On the face of it, crowdfunding for Mary Doe’s expenses may seem innocent and harmless, even virtuous and without credible room for objection. In fact, it was disastrous. TST cofounder Malcolm Jarry and I had been working with a Detroit chapter organizer (and later National Council member), Shiva Honey in a desperate attempt to procure legal council from the moment we heard we had a plaintiff in Missouri. Despite our optimistic expectations, we were unable to attract pro bono support, and we soon found, to our horror, that we might even be unable to find a lawyer willing to take the case for pay. Time was of the essence. Mary Doe needed to go in for the procedure, and we couldn’t delay her, but we needed to be prepared to file as soon as she was denied an exemption from the Informed Consent waiting period. We had somewhere around a week. We lost days to the ACLU in Missouri when a lawyer there expressed strong interest, giving us hope that our search had come to an end, but after taking a weekend off from our search, our contact apparently entered a meeting that preventing him from taking or returning our calls, and he’s never emerged from that meeting since.

Jex Blackmore and I had been constructing the messaging for media, researching case law, and observing reproductive rights debates in order to help prepare her for the potential press frenzy that could accompany the announcement of the lawsuit. We were also setting up the crowdfunding materials that were going to be necessary to pay a retainer fee upon finding a lawyer.

With time running out, Malcolm persuaded a lawyer (James MacNaughton) in New Jersey, with whom he had worked before, to take the case for a reduced rate. We would, however, need to retain co-council in Missouri as well, so the cost was inevitably going to be devastating. Our hope was that the announcement of the suit would attract widespread media coverage, generating sufficient support for our fundraising campaign… but then St. Louis preempted us, announcing the suit to the press early with their fundraising campaign for Mary Doe’s travel and accomodations. The predictable outcome of this is that the initial wave of press — most vital to engaging crowdfunding support — was squandered for a woefully insufficient amount (somewhere around $800). The impression projected to the general public was that our crowdfunding needs were fulfilled after this goal was reached, and we knew it was going to be difficult, if not impossible, to revive crowdfunding interest for the legal battle after the initial announcement was even a few days old. It was a fuck-up that cost us an amount that we can only speculate upon, and we would immediately be thrown into crushing debt as legal bills mounted.

To further exacerbate our annoyance, the St. Louis chapter head released a video of himself along with the ill-thought fundraising campaign posturing himself as a spokesperson for our Reproductive Rights efforts, declaring that he was not going to stand idle while women’s rights were trampled in Missouri. This, of course, did not sit well with either Jex nor I who both felt that she should be the national spokesperson for our Religious Reproductive Rights efforts — a job she was putting a good deal of preparatory work into.

Malcolm wanted to terminate the St. Louis chapter head immediately, and I agreed. In retrospect, it is amazing that we did not, but we were persuaded by another member of the St. Louis chapter, Nikki, to allow her to try to manage him on a probationary term first. Nikki was well-known to Malcolm and I, and she was the only one who was having meaningful, direct contact with Mary Doe, sheltering Doe in her own house and accompanying her to the clinic, so we did not want to alienate her from further participation. She asserted that the chapter head was merely dense and socially unaware, not acting out of malice or an imperiling need for self-aggrandisement. His willingness to adjust his behavior, and her dedication to keeping close scrutiny so as to ensure no more egregious errors, made his dismissal a merely punitive measure with no constructive value. While Malcolm and I were both skeptical, and still infuriated, we felt Nikki’s support, as the one contact in Missouri whom we felt we could rely on, was necessary to maintain, so we yielded.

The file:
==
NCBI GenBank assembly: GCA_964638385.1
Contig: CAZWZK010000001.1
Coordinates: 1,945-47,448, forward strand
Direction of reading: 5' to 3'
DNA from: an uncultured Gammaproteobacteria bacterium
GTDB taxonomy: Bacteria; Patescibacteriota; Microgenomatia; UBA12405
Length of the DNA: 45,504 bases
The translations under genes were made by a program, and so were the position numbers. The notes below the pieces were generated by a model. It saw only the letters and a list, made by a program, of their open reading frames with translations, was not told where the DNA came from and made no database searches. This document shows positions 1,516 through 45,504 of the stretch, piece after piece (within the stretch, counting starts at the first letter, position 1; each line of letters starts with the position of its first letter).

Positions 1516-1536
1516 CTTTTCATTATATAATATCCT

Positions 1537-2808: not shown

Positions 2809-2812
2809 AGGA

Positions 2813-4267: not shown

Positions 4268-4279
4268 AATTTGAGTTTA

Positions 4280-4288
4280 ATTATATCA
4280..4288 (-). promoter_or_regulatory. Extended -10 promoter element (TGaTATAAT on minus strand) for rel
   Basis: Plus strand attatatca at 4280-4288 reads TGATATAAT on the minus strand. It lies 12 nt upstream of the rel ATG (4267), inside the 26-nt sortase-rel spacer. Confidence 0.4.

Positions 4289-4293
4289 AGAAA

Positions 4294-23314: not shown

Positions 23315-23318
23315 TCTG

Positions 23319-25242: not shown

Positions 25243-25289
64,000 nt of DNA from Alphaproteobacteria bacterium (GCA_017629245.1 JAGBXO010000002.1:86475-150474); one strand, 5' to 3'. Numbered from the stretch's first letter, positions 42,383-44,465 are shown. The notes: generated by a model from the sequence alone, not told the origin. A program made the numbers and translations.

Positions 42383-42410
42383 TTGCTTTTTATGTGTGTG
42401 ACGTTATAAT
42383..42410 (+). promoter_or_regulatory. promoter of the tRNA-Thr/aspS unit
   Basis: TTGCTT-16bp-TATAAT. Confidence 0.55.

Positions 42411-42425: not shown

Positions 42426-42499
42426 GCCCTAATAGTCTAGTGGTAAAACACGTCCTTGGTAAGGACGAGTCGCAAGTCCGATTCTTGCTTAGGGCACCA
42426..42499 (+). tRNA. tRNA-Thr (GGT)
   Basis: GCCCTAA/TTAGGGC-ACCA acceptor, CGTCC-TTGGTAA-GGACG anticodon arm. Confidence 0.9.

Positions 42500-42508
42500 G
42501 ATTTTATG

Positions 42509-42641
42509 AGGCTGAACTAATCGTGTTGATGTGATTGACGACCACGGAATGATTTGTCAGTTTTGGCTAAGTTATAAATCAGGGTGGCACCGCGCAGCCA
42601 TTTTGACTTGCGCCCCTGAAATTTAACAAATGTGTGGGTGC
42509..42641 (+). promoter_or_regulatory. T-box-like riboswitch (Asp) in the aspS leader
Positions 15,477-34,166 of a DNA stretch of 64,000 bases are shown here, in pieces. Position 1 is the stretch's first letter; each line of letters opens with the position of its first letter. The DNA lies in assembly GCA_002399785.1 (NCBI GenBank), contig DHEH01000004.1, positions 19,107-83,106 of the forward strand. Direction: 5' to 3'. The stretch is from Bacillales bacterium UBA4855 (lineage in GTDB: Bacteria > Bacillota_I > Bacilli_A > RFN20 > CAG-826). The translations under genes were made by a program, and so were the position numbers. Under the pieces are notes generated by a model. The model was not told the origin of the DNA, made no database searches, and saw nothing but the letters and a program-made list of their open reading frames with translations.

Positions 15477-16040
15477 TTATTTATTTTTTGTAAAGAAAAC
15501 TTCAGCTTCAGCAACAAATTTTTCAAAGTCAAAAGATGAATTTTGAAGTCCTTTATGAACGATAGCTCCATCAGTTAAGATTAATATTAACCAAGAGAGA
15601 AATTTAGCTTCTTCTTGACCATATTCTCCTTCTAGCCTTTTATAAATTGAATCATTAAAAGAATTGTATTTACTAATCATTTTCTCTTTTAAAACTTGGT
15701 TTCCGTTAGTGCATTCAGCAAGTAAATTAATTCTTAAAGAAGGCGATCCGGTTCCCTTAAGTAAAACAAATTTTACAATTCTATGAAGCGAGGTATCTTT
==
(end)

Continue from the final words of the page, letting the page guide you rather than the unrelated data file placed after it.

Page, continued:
The Devil and Ms. Doe

At first, I had no idea who “Mary Doe” was, nor was I certain it was wise that I should. It was unclear as to whether I would need to be deposed in the course of the litigation, so not knowing Ms. Doe was possibly a convenience that would bypass a series of potential interrogatories regarding my knowledge of her life, beliefs, and circumstances. All I knew was that she was a member of TST who wanted to terminate her pregnancy, and that was good enough for me. As the legal strategy became clear, however, our lawyer informed me that there was no harm in me speaking to Mary Doe and, in fact, she wanted to speak with me. Ms. Doe was anxious about her own upcoming deposition, and we thought it might be helpful if I were to give her encouragement, let her know that we appreciated what she was doing, and help her mentally prepare for a hostile interview — the type of thing that I’m quite accustomed to.

I allowed Mary Doe to have my personal phone number, and I spoke to her on the phone prior to her deposition which, by our lawyer’s account, she remained stoic, lucid, and credible throughout. Malcolm and I met Mary Doe once when we traveled out to Missouri, getting lunch with her and Nikki at a pizza shop in St. Louis. At that time, she seemed rational and respectful. Not long after, however, her attitude would take a dramatic shift.